But that is usually a negative questioning, arising from reaction or anger which prevents understanding, rather than a positive questioning that seeks to understand and know what action to take. I will try to raise the positive question about wealth, to understand it, what its validity is, what problems go with it and why it goes so wrong.
I will question the very nature and idea of wealth, and our assumptions about it that lie underneath, and fuel, our reactions and arguments. These assumptions underlie much of our positive as well as negative questioning. In doing so, however, I will also question its presumed opposite, poverty, and our assumptions and accepted positions on it. In doing so I will not be taking sides for left-wing or right-wing, capitalist or socialist, but will try to bring both into a wider picture.
I will be questioning at both the structural and individual levels. Some focus on the individual (and e.g. families, businesses, etc.), some focus on the structural ("the system"). I want to understand both as part of a wider picture.
In this wider picture, I will refer to multiple aspects, multiple ways in which we function, multiple ways in which reality can be meaningful, of which the economic aspect is only one. It is the economic aspect that makes the concepts of wealth and poverty meaningfulness and it is the laws of the economic aspect that make wealth and poverty possible as realities. Other aspects include the biotic, which makes health and sickness meaningful (as concepts) and possible (as realities), the juridical aspect, which makes justice and injustice meaningful and possible, the ethical aspect, which makes goodness and meanness meaningful and possible, and so on. In all, I might make reference to fifteen aspects, those delineated by the Dutch philosopher, Herman Dooyeweerd (see "http://dooy.info/aspects.html").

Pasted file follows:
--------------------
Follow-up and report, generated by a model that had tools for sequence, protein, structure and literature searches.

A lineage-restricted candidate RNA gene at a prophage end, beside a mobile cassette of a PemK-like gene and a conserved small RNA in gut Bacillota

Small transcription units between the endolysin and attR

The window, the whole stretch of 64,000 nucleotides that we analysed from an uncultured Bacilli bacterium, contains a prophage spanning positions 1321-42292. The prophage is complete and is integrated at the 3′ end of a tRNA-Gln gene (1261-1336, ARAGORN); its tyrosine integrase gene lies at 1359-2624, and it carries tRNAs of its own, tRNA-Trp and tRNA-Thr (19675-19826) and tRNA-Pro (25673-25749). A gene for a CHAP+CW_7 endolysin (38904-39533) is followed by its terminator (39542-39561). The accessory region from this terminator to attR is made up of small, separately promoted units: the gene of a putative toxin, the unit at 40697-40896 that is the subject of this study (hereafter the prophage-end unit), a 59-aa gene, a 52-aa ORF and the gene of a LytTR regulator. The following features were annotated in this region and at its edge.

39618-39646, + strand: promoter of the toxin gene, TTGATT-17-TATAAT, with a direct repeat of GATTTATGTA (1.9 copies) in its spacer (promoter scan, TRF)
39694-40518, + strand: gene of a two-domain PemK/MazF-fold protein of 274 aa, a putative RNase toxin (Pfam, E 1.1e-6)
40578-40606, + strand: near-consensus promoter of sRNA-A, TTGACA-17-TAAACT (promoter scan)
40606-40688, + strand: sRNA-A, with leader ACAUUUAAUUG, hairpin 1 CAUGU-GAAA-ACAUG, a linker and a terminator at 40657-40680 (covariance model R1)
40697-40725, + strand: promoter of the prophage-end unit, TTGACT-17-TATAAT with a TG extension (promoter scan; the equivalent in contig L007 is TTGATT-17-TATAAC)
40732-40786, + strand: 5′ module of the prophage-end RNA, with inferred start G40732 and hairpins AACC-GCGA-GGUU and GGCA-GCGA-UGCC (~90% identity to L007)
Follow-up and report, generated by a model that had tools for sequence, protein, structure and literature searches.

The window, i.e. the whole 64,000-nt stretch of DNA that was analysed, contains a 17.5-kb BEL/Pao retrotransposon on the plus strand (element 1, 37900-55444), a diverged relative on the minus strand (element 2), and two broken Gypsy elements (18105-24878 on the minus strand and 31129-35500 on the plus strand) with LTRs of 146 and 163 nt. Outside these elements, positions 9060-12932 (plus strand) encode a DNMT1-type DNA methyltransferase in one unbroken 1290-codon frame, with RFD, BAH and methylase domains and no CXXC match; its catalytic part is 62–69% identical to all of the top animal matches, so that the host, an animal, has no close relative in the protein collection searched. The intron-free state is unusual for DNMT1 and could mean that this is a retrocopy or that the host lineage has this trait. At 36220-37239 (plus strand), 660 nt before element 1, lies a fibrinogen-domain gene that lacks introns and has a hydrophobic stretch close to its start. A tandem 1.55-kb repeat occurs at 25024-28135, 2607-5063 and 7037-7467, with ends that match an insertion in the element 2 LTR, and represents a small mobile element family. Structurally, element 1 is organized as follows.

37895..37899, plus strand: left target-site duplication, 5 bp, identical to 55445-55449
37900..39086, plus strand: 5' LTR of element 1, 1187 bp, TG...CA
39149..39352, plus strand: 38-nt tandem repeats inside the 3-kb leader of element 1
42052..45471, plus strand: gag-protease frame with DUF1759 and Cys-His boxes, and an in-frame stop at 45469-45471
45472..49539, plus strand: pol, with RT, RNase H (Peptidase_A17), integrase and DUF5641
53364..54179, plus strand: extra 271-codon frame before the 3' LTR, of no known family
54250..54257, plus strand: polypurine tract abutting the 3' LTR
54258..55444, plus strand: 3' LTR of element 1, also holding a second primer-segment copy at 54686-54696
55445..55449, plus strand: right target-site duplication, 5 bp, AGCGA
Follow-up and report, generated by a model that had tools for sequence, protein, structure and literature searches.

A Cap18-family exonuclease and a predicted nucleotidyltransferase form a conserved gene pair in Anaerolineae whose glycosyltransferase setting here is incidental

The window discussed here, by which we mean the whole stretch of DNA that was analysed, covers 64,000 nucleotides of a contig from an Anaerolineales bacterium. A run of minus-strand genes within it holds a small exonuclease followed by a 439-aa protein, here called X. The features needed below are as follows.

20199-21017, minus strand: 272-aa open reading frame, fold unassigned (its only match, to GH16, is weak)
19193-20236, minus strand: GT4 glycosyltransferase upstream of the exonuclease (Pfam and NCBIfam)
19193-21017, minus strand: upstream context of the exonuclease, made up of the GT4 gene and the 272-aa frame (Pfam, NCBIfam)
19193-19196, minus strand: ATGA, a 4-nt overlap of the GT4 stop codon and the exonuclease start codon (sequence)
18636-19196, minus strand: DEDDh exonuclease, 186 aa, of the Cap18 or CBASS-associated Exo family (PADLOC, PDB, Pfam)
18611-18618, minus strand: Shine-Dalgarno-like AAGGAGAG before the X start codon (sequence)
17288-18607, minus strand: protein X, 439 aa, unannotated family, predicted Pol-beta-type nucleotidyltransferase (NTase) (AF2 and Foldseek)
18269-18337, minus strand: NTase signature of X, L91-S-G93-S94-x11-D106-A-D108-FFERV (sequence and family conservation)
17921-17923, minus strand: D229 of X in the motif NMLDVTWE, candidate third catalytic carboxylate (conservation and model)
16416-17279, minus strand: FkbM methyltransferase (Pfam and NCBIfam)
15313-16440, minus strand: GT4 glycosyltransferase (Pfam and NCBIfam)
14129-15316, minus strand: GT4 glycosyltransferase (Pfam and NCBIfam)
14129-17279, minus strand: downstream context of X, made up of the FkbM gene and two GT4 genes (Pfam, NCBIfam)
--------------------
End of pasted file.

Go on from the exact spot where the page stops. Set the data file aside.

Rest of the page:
Warning: This wider picture is enabled by taking a Creational perspective. That is, I believe that God created, that God gifted Creation with laws that enable it to function with dignity of genuine responsiveness and responsibility, and that these laws are diverse in kinds, and that even in their diversity these laws work together in harmony to bring about what in Hebrew is called shalom and, in Arabic, salaam: a rich well-being of all. I presuppose multiple ways in which things can be meaningful - not only economic but also aesthetic, social, biological, physical, ethical, and more. Currently I know of no other foundation for a wider picture as good as this; it has been employed in research across a wide range of fields (sustainability, information systems, business, engineering, and even art) [Note-1]. So this is written for Christians, but it is also written, as far as possible, in a way that others can understand it.
I will, however, not be taking a theological approach, which tries to argue a case from religious beliefs. Instead, my approach is philosophical and practical, though it will be informed by some statements or principles from Scripture.
Here are some of the issues I will be touching on: